I know several of the guys at the Williamsburg AB plant and have visited several times.
 
2012-06-10 10:49:07 AM  

Ackbar_GastricFluid: Beer thread!!!1! Any homebrewers out there? Recipes?


This Irish Red style one seemed to go over well (partial mash):

5 gal water

Grain bag of:
4 oz flaked barley
8 oz Vienna
12 oz Carapils
16 oz Crystal 60L
16 oz torrified wheat

Steep grain bag for 30 min @150F, remove. Bring to boil, turn off heat, add:

6lb pale LME

Boil to hot break. Add hops as:

1.25 oz Fuggles (4.2 AA) for 45 min
2 tsp Irish moss for 10 min
1 oz Kent Goldings (7.2 AA) and 8 oz brown sugar for 5 min

Cool to room temp. Add extra water to make 5 gal. Sprinkle on top:

1 pkg Safale S-04

Wait 30 min, airiate. Ferment in primary 11 days.
 
2012-06-10 11:01:00 AM  
Link


I'm not fond of the title, though I do know the source.

Very good book at explaining, among other things, how AB's brewmasters are actually geniuses for making Budweiser so consistent over so many breweries.

Utterly fascinating book.
 
2012-06-10 11:06:51 AM  

Ackbar_GastricFluid: Beer thread!!!1! Any homebrewers out there? Recipes?


Homebrewer threads always remind me of the classic On the Buses "Brew it Yourself." :)

Creamy ale is one of my favorites (it's a chick thing, I suspect), and local brewery Hales has one that makes my mouth water as I type this at 8am. Only available on tap, however. And Newcastle Brown Ale, ahhh..... There's a British football pub, the George and Dragon, just down from Hales Brewery, that has Newcastle on tap. I put down a lot of that on Tuesday night Trivia at the George years ago. Good times......
 
2012-06-10 11:09:00 AM  
Blue Moon used to be brewed in Memphis, out at the Coors Belle brewery. And believe it or not, Memphis has awesome water, due to the aquifer, which is full of several thousand year old water. I mean the water is great. But a few years back Coors moved the brewery, and I swear it doesn't taste as good as it did when brewed in Memphis.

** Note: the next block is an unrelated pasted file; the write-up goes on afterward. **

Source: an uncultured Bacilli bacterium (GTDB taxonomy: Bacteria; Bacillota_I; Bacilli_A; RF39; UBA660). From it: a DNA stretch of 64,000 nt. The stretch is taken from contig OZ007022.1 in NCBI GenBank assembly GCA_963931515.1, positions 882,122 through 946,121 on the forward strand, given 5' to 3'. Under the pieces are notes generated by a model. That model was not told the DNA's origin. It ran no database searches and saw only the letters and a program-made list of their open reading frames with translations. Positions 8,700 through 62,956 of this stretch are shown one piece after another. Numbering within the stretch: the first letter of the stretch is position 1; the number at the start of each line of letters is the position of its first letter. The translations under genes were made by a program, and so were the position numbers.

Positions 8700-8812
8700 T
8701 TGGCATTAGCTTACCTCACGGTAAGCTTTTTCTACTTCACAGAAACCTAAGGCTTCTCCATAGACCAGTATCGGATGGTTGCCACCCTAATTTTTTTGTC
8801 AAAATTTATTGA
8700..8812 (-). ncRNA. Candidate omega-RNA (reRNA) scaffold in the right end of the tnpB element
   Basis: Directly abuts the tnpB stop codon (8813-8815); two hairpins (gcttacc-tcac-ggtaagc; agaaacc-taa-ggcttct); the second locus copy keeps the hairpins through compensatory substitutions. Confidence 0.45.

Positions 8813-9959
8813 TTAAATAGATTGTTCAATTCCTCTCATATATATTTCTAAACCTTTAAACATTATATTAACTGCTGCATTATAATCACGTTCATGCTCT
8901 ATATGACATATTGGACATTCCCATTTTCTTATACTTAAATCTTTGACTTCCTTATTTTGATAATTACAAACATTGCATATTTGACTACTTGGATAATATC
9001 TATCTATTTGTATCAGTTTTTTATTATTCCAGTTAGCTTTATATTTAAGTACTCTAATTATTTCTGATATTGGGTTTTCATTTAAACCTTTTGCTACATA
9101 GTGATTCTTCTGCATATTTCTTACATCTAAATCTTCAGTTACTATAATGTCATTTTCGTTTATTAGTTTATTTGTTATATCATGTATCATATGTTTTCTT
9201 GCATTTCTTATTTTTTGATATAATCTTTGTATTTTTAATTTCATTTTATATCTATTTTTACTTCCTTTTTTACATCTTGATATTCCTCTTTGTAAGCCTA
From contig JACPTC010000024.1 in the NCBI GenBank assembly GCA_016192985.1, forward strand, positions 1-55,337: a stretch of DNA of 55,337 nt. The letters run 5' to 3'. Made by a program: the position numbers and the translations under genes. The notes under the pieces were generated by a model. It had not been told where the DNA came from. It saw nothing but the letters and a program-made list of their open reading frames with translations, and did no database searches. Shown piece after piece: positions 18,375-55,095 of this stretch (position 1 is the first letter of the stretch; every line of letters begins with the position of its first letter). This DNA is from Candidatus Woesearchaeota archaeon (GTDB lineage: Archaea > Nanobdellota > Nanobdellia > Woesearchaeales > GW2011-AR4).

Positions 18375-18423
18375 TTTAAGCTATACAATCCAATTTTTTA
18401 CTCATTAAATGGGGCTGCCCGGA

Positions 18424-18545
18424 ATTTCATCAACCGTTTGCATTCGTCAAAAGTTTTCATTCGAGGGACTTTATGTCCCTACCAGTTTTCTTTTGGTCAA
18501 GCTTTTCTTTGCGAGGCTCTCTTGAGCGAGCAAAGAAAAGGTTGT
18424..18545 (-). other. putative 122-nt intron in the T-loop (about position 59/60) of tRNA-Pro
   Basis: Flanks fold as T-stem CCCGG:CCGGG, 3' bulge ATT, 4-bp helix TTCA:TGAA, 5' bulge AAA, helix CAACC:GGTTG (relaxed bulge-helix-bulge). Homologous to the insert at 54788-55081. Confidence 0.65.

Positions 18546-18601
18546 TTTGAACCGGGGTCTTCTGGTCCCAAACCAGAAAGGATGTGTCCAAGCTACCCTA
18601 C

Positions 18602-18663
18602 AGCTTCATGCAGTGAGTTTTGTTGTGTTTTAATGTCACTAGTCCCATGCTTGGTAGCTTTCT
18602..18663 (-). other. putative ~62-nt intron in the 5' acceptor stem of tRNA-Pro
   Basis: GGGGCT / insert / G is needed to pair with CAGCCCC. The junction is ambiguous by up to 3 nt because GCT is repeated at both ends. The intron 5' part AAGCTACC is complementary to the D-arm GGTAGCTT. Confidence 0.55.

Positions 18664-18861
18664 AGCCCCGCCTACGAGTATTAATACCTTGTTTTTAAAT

2012-06-10 11:23:47 AM  
Having drunk Keystone for most of my college years, I can tell you that water is the least of their problems.
 
2012-06-10 11:25:41 AM  

blackartemis: For years I never liked beers, until I started trying various wheat beers. So after I finally developed a taste for it, I moved back to Thailand where I have about 8, affordable, choices. On top of that, ice in your beer to prevent it from going code to piss warm in 2 minutes...


My father got used to drinking ice in his beer when in Australia. The Marine Corps had sent him and some of his flying buddies down to that part of the world to smooth over some hurt feelings with the Japanese.
 
2012-06-10 11:26:19 AM  

Sabyen91: Britney Spear's Speculum: Two Women ain't bad.

I saw that in the cooler last week. Is it hoppy?


More like "yeasty".

/bah duh boom!
 
2012-06-10 11:45:10 AM  

Miss Stein: Ackbar_GastricFluid: Beer thread!!!1! Any homebrewers out there? Recipes?

Homebrewer threads always remind me of the classic On the Buses "Brew it Yourself." :)